In February, 1780, Spanish troops and American volunteers under Governor Bernardo de  Galvez laid siege to the 300 British in Fort Charlotte at Mobile.  The siege lasted a month.  The garrison’s surrender gave the Spanish control of this important site, and removed all English military forces from the Gulf region.

This was one of the few actions of the war in which Spanish and American troops fought side by side.  Spain declared war on Britain but did not recognized the United States, their primary interest being to settle scores with the British.




For more information on these fascinating events, check the following websites: 




The Boston Massacre

The night was chilly, snow laid on the streets and walks of Boston, and the cold air kept people bundled up around the port town of Massachusetts colony.

Yet, the cold air could not dampen was the seething resentment a growing number of Bostonians were feeling toward the occupying British military. Minor brawls and exchanges had taken place in the various taverns and around the bustling harbor; common places where alcohol and/or hard work created short tempers.

However, on this night, March 5, 1770, outside the Custom House on King Street a British redcoat infantrymen, the sentry, kept his post. Private Hugh White, whose shift it was to stand guard, would have noticed the approach of Edward Garrick, who had come calling for a British officer who owed Garrick’s boss money for his wig services. Unbeknownst to Garrick, the apprentice, the debt had been paid, so no response from the field officer was forthcoming.

old state house
Old State House (Custom House) scene of the Boston Massacre on March 5, 1770

A response from White was forthcoming, who admonished the young man to have a more respectful tone when speaking to an officer in His Majesty, the King’s service. Garrick did not take too kindly to this tone and responded with an insult of his own toward White.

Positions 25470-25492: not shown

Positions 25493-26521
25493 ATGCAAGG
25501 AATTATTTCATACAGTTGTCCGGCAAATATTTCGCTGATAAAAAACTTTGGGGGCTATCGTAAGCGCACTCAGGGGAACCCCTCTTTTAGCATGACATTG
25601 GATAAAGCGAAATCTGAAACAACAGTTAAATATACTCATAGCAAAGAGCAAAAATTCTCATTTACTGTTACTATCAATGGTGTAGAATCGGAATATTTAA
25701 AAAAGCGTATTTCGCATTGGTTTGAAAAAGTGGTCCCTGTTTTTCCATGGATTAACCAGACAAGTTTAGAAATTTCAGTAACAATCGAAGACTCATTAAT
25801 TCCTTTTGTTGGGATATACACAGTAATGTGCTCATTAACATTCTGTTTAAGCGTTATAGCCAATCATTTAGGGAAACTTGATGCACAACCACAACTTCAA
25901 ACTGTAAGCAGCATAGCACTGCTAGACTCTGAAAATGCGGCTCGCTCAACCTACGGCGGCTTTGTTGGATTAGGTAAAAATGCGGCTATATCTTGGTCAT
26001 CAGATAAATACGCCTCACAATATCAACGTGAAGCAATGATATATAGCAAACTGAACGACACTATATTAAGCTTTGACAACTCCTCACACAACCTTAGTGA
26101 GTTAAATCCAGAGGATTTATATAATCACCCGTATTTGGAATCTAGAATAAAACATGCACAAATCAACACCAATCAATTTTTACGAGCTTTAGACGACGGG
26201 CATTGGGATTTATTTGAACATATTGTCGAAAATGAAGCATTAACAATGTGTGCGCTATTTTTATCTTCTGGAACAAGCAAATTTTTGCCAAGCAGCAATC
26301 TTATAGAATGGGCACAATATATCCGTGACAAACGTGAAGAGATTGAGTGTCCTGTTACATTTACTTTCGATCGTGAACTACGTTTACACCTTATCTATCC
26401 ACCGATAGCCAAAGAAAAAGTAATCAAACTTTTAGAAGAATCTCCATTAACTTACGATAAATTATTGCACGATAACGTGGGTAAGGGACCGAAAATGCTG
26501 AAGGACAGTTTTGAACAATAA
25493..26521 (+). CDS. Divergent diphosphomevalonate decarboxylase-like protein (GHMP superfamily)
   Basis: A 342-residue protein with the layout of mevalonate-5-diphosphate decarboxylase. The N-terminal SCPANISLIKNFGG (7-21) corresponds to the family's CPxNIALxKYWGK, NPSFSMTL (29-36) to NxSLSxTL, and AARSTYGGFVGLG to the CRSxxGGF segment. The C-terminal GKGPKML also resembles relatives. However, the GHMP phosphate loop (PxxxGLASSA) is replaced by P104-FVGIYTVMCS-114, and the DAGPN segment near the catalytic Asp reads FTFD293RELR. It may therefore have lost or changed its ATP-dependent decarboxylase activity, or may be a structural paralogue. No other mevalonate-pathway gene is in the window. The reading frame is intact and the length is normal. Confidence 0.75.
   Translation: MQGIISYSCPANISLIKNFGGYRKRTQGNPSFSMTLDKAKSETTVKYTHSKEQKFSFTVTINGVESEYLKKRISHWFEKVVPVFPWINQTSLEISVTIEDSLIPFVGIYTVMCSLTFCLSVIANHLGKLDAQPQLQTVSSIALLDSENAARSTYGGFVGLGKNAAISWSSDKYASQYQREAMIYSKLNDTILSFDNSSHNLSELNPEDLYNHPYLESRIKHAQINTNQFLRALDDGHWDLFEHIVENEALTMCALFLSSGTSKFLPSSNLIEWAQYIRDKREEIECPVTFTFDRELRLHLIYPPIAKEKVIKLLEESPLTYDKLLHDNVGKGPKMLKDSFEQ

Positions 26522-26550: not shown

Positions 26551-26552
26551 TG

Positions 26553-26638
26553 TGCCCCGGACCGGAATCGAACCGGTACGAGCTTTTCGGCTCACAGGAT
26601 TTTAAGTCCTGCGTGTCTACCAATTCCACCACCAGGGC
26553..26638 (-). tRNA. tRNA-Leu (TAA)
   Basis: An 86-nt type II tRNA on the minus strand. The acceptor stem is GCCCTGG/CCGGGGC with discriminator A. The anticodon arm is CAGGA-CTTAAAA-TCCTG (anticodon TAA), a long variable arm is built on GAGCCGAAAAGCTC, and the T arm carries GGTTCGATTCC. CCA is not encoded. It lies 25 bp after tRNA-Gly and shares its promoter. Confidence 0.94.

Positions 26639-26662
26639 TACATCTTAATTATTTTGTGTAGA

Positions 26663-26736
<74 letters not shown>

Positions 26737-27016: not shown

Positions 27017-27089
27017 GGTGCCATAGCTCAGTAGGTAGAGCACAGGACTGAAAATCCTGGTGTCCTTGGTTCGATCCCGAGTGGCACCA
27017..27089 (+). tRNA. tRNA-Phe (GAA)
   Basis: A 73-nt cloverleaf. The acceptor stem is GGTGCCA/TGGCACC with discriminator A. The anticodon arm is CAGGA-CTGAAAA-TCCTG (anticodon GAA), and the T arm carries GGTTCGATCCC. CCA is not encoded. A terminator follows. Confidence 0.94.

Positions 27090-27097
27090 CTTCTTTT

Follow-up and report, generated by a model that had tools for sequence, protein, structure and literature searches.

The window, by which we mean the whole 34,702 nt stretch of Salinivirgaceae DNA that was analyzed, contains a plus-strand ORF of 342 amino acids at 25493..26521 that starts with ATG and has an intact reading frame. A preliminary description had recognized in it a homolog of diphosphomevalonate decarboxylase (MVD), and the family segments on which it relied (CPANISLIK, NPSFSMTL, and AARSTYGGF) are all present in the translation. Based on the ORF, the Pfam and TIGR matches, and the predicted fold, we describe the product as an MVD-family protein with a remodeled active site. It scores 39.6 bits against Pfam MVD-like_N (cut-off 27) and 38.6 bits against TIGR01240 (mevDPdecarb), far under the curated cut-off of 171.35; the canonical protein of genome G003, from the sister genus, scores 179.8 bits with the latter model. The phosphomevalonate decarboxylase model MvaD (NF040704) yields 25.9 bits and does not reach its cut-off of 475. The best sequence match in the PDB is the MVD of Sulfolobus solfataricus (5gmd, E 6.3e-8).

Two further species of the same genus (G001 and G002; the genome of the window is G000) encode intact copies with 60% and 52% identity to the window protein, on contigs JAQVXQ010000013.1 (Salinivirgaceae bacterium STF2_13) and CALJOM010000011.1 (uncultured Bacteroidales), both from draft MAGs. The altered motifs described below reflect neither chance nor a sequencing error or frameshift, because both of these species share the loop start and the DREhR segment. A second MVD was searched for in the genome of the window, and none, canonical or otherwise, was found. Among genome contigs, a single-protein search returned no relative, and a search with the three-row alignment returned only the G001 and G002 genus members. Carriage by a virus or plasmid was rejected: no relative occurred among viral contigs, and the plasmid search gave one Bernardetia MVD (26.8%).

This prompted White to leave his post and literally knock some sense into Garrick by way of a musket strike to the side of the head. Garrick yelped in agony and a companion took up the verbal barrage toward the British soldier.

The cacophony created by the yelling of insults and as the colonial version of a game of telephone spread the message about what was transpiring at the Customs House. Church bells were rung, a telltale sign that something was afoot, led to the crowd surging past 50 in number by the evening.

White, prudently, had left his post and retreated up onto the steps of the Customs House summoned a runner (messenger) to race to the local barracks for extra manpower.As was custom, there was an officer of the watch, in this case, Captain Thomas Preston and seven soldiers responded.

En route, Henry Know, destined to become chief of artillery for the Continental Army in the American Revolution urged Preston, “For God’s sake, take care of your men, if they fire, you must die.”